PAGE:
Local residents greet the Ukrainian military in the Chernihiv region, April 2, 2022. Photo: Serhii Nuzhnenko / Reuters
Chernihiv, a Ukrainian city with a population of 285,000 near the Belarusian border, has been shelled since the very outbreak of the war. On the 23rd of March, Russian aircraft destroyed the bridge over which the highway to Kyiv ran. Both the evacuation route and the delivery of humanitarian aid were cut off, and Chernihiv was increasingly referred to as “the second Mariupol”. Early in the morning of the 4th of April, the head of the Chernihiv regional administration announced that lines of communication with Kyiv had been restored and that Russian troops were retreating. Residents of Chernihiv told Mediazona how mutual aid and self-organisation helped them to survive in the besieged city.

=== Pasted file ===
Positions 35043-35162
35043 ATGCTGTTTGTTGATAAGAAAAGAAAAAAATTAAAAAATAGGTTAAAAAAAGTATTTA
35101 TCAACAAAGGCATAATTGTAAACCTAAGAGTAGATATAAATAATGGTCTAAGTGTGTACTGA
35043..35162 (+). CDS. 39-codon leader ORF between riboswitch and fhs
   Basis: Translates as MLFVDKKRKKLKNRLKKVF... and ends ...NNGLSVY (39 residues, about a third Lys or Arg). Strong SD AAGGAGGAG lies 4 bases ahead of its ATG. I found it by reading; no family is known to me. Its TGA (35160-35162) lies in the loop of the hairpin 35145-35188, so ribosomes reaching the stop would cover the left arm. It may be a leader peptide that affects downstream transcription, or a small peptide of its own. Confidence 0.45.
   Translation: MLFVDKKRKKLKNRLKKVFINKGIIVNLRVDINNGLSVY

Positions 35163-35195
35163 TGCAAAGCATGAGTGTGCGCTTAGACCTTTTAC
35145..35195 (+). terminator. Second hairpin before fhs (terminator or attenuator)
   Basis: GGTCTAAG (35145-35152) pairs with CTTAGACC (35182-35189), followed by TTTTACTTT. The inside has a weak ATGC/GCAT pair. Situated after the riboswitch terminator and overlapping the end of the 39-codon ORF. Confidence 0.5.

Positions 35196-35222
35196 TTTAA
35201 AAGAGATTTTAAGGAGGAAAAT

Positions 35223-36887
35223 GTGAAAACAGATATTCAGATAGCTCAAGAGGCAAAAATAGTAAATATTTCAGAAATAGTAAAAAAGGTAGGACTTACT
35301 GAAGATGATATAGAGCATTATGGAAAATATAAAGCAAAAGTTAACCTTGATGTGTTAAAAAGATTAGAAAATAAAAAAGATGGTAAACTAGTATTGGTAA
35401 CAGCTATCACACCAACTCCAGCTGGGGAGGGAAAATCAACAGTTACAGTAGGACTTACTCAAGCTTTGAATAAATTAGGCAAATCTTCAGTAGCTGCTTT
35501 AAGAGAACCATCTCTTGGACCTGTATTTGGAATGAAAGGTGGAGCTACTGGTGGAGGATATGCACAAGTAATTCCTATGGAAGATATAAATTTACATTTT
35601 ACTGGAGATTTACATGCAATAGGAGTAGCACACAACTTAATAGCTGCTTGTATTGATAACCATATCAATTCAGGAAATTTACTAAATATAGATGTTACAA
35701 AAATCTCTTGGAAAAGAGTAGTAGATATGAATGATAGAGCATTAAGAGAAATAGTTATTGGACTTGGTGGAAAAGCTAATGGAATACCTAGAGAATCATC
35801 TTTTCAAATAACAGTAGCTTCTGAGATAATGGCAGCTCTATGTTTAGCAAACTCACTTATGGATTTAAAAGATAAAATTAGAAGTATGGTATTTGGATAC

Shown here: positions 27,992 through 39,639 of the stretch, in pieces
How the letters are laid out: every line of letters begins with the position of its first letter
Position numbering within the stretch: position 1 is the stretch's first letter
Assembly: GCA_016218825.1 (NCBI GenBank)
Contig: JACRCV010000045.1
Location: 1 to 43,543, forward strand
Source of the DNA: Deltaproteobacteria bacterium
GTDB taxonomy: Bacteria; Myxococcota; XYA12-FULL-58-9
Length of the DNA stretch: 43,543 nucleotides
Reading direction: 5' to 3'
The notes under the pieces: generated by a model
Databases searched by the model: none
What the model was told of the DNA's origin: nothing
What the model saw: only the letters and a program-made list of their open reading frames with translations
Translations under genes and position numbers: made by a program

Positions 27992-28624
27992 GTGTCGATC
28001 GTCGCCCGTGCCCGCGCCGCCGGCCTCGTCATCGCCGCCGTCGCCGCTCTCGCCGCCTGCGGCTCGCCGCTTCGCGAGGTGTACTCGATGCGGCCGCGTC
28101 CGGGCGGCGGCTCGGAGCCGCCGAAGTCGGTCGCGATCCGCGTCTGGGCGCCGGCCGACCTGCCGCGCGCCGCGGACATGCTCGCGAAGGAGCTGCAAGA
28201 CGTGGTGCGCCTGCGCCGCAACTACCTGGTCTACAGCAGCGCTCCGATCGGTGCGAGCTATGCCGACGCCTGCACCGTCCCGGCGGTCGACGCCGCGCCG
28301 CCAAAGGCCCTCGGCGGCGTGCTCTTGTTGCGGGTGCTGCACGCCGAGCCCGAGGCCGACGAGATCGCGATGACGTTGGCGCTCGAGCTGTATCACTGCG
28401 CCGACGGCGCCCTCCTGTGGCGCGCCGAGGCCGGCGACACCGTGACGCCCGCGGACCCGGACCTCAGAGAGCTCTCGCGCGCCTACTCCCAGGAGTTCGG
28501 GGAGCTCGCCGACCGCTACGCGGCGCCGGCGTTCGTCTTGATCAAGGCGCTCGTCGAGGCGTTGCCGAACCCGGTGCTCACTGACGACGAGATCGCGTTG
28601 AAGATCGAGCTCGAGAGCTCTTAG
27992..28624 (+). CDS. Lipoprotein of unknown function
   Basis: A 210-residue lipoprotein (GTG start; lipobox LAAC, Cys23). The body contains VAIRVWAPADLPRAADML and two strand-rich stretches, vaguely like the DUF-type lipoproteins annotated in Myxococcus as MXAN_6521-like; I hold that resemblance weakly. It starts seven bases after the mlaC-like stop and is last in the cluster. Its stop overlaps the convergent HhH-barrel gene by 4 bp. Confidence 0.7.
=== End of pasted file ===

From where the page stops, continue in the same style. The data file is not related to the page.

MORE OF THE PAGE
On the first day of the war, Natalia Koren, together with her husband and mother-in-law, decided to leave Chernihiv for their dacha. They hoped that everything would be resolved in a day or two. But they ended up staying for a month, and only returned to their apartment in the city centre in late March.
Natalia recalls that the first days in the village were “relatively bearable”. Then, “they began to just bomb us with Grads [rocket artillery systems]. We hid in the basement, the houses around were burning because the surrounding area was heavily shelled. In our neighbourhood, two houses burned down”. After returning to Chernihiv, Natalia learned that in a neighbouring village, one of her relative had been killed during the shelling. “Now it is so dangerous that they are figuring out how to bury him”, she sighs.